US plane-maker Boeing has emphasized the economic importance of the aerospace industry as it engages the Chinese and US governments on Beijing’s proposal to slap a tariff on its smaller aircraft.
The Chinese included aircraft in a raft of potential retaliatory measures after US President Donald Trump revealed plans to levy a 25 percent tariff on more than 1300 goods from China.
The Chinese reaction comes as a new analysis by OAG suggests China will surpass the US as the world’s biggest aviation market earlier than expected.
Beijing’s tariff would affect aircraft with a net weight of between 15,000kg and 45,000kg. This covers existing Boeing 737s and smallest 737 MAX. Orders of these planes by Chinese carriers accounted for just 5 percent of Boeing’s backlog, according to The Wall Street Journal.
A Bernstein report said there are no Chinese orders at this stage for the Boeing 737 MAX 7 and just 24 for 737 NGs.
The imposts have yet to be levied and US business interests have until May 22 to object to President Trump’s proposals.
The US government then has another 180 days to decide whether to implement the policy and both sides are reported to be in intense behind-the-scenes negotiations.
Boeing issued a short statement saying it was confident that dialogue was continuing.
“While both governments have outlined positions that could do harm to the global aerospace industry, neither has yet imposed these drastic measures,’’ it said.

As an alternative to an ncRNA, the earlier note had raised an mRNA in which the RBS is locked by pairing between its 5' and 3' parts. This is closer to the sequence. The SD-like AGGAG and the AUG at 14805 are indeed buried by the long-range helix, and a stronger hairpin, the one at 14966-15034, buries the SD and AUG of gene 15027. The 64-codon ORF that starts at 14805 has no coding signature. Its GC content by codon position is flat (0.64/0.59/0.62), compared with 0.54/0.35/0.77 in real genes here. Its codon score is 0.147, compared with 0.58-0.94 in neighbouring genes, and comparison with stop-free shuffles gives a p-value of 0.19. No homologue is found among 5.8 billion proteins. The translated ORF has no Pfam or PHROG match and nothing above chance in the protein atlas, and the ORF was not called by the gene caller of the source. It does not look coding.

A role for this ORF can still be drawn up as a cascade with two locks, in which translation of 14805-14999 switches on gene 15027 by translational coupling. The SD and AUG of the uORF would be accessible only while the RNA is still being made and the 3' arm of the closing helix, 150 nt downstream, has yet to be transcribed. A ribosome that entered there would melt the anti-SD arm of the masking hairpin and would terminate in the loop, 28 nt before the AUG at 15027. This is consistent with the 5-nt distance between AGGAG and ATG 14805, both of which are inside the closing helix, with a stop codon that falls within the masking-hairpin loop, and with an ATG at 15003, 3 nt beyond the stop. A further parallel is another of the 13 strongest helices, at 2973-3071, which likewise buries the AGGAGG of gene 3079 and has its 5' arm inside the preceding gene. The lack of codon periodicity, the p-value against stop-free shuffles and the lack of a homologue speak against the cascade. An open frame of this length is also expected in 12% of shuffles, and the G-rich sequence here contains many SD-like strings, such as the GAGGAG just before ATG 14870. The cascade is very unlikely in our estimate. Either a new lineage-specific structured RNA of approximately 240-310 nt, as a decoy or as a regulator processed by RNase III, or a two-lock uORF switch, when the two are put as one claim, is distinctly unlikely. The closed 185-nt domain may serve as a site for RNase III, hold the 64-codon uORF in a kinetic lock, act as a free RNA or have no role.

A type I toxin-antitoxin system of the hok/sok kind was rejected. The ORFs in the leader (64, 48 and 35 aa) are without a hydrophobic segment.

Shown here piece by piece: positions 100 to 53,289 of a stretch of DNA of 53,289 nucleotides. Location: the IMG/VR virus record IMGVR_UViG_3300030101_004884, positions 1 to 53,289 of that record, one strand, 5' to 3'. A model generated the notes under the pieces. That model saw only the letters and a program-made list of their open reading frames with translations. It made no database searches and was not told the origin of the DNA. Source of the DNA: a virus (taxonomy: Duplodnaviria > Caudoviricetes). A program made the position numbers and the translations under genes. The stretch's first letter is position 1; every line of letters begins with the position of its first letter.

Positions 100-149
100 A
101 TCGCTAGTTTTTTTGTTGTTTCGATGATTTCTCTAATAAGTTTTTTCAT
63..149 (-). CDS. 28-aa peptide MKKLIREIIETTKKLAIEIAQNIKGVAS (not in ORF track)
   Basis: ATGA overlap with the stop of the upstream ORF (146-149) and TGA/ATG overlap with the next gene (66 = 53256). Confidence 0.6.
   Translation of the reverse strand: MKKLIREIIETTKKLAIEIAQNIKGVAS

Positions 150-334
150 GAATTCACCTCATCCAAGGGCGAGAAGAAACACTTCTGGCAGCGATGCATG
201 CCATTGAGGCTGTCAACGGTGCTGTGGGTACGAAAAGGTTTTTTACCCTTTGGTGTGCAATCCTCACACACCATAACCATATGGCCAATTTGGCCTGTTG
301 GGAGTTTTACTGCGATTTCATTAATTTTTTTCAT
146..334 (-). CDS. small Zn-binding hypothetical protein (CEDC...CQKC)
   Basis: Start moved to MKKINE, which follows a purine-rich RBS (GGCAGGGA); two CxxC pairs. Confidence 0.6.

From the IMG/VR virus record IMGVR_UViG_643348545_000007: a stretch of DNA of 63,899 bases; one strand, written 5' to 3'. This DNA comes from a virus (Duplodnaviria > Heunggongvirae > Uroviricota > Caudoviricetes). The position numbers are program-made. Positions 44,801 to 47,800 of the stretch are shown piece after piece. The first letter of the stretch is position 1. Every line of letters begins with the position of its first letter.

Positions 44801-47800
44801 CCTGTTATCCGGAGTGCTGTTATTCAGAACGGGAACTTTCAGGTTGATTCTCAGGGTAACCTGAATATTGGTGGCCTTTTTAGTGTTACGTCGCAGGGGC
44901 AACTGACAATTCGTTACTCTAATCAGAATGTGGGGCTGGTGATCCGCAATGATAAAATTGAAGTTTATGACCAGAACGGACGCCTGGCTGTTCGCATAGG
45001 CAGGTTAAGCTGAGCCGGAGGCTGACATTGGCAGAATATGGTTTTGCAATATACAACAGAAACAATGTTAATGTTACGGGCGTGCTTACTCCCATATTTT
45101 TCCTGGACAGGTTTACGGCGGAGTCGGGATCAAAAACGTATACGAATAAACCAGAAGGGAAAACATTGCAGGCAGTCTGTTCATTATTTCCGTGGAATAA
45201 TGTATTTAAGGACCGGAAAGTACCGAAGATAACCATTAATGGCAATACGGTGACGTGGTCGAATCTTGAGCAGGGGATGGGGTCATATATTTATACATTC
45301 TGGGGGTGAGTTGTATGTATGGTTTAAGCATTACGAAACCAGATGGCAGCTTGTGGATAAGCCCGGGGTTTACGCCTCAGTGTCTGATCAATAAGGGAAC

“We will continue in our own efforts to proactively engage both governments and build on the recent assurances by the US and Chinese leaders that productive talks are ongoing.
“A strong and vibrant aerospace industry is important to the economic prosperity and national security of both countries.”
The Bernstein report also identified the impact of the tariffs on the global economy, rather than on aircraft orders, as the key issue.
It said the tariffs should have little impact on Boeing’s financial situation, assuming the 737 MAX 8, 9 and 10 models likely to be the subject of future aircraft competitions in China remain unaffected.
“The new tariffs on airplanes, soybeans, and automobiles add to others imposed yesterday,” its said. “Should we see a global recession, this would be highly negative for Boeing and Airbus.”
The importance of the Chinese market to aircraft manufacturers was underscored by a recent analysis by aviation specialists OAG.
The analysis said China was second only to the US in terms of planned aircraft deliveries in 2018, with 342 planes heading to US carriers and 327 to their Chinese counterparts.
Boeing had a clear lead with 219 aircraft compared to 78 from European counterpart Airbus.
The analysis argued China was closing the gap with the US in terms of airline capacity.
It estimated the deliveries would see an increase of 53.3 million seats in China over the full year compared an increase in 15.7 million in the US, where many of the planes were slated as replacements for existing aircraft.
“A significant 37.6 million move forward in closing the 2017 capacity gap between US and Chinese airlines which stood at some 355 million seats with 1,064 billion seats from U.S. carriers playing the 709 million produced by Chinese carriers,’’ it said.
“IATA’s most recent forecast is for China to surpass the United States as the largest air travel market in the next five years, which is two years earlier than expected.
“When allowance is made for additional inbound capacity growing rapidly into the market our assessment is that 2022’s milestone may actually arrive in 2021, trumping all expectations.”